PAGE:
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History of The Peloponnesian War - Book IV   


with the cavalry upon the two wings. Light troops regularly armed
there were none in the army, nor had there ever been any at Athens.
Those who had joined in the invasion, though many times more
numerous than those of the enemy, had mostly followed unarmed, as part
of the levy in mass of the citizens and foreigners at Athens, and
having started first on their way home were not present in any number.
The armies being now in line and upon the point of engaging,
Hippocrates, the general, passed along the Athenian ranks, and
encouraged them as follows:
"Athenians, I shall only say a few words to you, but brave men
require no more, and they are addressed more to your understanding
than to your courage. None of you must fancy that we are going out
of our way to run this risk in the country of another. Fought in their
territory the battle will be for ours: if we conquer, the
Peloponnesians will never invade your country without the Boeotian
horse, and in one battle you will win Boeotia and in a manner free
Attica. Advance to meet them then like citizens of a country in
which you all glory as the first in Hellas, and like sons of the
fathers who beat them at Oenophyta with Myronides and thus gained
possession of Boeotia."
Hippocrates had got half through the army with his exhortation, when
the Boeotians, after a few more hasty words from Pagondas, struck up
the paean, and came against them from the hill; the Athenians
advancing to meet them, and closing at a run. The extreme wing of
neither army came into action, one like the other being stopped by the
water-courses in the way; the rest engaged with the utmost
obstinacy, shield against shield. The Boeotian left, as far as the
centre, was worsted by the Athenians. The Thespians in that part of
the field suffered most severely. The troops alongside them having
given way, they were surrounded in a narrow space and cut down
fighting hand to hand; some of the Athenians also fell into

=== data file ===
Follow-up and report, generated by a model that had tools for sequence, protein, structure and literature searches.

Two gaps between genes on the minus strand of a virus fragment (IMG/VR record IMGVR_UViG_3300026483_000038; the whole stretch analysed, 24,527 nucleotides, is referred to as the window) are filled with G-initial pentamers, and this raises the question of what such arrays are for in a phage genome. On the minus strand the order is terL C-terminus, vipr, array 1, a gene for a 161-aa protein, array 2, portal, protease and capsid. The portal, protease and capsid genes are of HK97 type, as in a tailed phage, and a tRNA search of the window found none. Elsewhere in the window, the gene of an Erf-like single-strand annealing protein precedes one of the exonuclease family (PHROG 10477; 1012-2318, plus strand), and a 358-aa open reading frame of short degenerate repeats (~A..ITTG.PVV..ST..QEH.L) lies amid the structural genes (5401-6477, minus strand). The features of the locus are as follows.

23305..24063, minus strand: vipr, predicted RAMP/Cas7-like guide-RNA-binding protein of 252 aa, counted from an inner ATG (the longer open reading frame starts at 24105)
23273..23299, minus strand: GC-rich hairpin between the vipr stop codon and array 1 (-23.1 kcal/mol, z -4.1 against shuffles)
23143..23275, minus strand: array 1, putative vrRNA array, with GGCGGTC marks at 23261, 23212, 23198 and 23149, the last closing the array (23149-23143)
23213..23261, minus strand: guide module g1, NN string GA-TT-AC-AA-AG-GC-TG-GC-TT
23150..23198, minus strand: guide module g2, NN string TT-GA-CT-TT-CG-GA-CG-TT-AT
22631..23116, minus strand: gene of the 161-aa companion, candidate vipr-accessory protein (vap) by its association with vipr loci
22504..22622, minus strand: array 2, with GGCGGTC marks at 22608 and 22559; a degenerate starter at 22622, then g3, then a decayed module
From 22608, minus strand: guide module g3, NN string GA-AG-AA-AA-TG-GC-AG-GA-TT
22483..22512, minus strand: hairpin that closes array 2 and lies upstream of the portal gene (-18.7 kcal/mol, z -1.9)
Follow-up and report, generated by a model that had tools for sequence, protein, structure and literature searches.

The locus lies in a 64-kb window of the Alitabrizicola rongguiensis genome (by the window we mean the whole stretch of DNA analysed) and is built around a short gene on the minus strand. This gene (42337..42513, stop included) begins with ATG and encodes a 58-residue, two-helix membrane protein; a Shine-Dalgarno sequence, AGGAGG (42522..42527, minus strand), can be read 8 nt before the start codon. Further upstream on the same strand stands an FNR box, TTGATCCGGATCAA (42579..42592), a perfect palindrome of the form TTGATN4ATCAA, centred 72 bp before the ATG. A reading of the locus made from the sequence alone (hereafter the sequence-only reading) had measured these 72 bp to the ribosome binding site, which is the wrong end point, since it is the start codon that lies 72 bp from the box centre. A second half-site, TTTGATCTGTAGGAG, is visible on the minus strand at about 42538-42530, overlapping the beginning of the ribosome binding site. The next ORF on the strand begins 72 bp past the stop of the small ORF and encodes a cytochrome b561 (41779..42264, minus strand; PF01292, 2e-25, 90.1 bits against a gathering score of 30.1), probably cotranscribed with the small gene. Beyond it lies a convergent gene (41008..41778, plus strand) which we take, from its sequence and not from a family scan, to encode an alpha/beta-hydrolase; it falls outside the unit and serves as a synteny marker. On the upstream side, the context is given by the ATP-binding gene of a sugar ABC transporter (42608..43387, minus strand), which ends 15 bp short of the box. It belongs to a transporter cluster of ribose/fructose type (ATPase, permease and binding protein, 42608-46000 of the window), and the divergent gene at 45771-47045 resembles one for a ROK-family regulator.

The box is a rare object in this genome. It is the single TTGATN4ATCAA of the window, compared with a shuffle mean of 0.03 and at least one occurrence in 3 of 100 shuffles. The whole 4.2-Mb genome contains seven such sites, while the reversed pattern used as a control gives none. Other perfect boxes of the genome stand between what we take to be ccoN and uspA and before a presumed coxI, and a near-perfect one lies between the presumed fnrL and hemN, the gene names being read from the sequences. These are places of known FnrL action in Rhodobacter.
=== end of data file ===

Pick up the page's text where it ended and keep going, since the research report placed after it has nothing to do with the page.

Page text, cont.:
confusion in surrounding the enemy and mistook and so killed each
other. In this part of the field the Boeotians were beaten, and
retreated upon the troops still fighting; but the right, where the
Thebans were, got the better of the Athenians and shoved them
further and further back, though gradually at first. It so happened
also that Pagondas, seeing the distress of his left, had sent two
squadrons of horse, where they could not be seen, round the hill,
and their sudden appearance struck a panic into the victorious wing of
the Athenians, who thought that it was another army coming against
them. At length in both parts of the field, disturbed by this panic,
and with their line broken by the advancing Thebans, the whole
Athenian army took to flight. Some made for Delium and the sea, some
for Oropus, others for Mount Parnes, or wherever they had hopes of
safety, pursued and cut down by the Boeotians, and in particular by
the cavalry, composed partly of Boeotians and partly of Locrians,
who had come up just as the rout began. Night however coming on to
interrupt the pursuit, the mass of the fugitives escaped more easily
than they would otherwise have done. The next day the troops at Oropus
and Delium returned home by sea, after leaving a garrison in the
latter place, which they continued to hold notwithstanding the defeat.
The Boeotians set up a trophy, took up their own dead, and
stripped those of the enemy, and leaving a guard over them retired
to Tanagra, there to take measures for attacking Delium. Meanwhile a
herald came from the Athenians to ask for the dead, but was met and
turned back by a Boeotian herald, who told him that he would effect
nothing until the return of himself the Boeotian herald, and who
then went on to the Athenians, and told them on the part of the
Boeotians that they had done wrong in transgressing the law of the
Hellenes. Of what use was the universal custom protecting the
temples in an invaded country, if the Athenians were to fortify Delium
and live there, acting exactly as if they were on unconsecrated
ground, and drawing and using for their purposes the water which they,
the Boeotians, never touched except for sacred uses? Accordingly for

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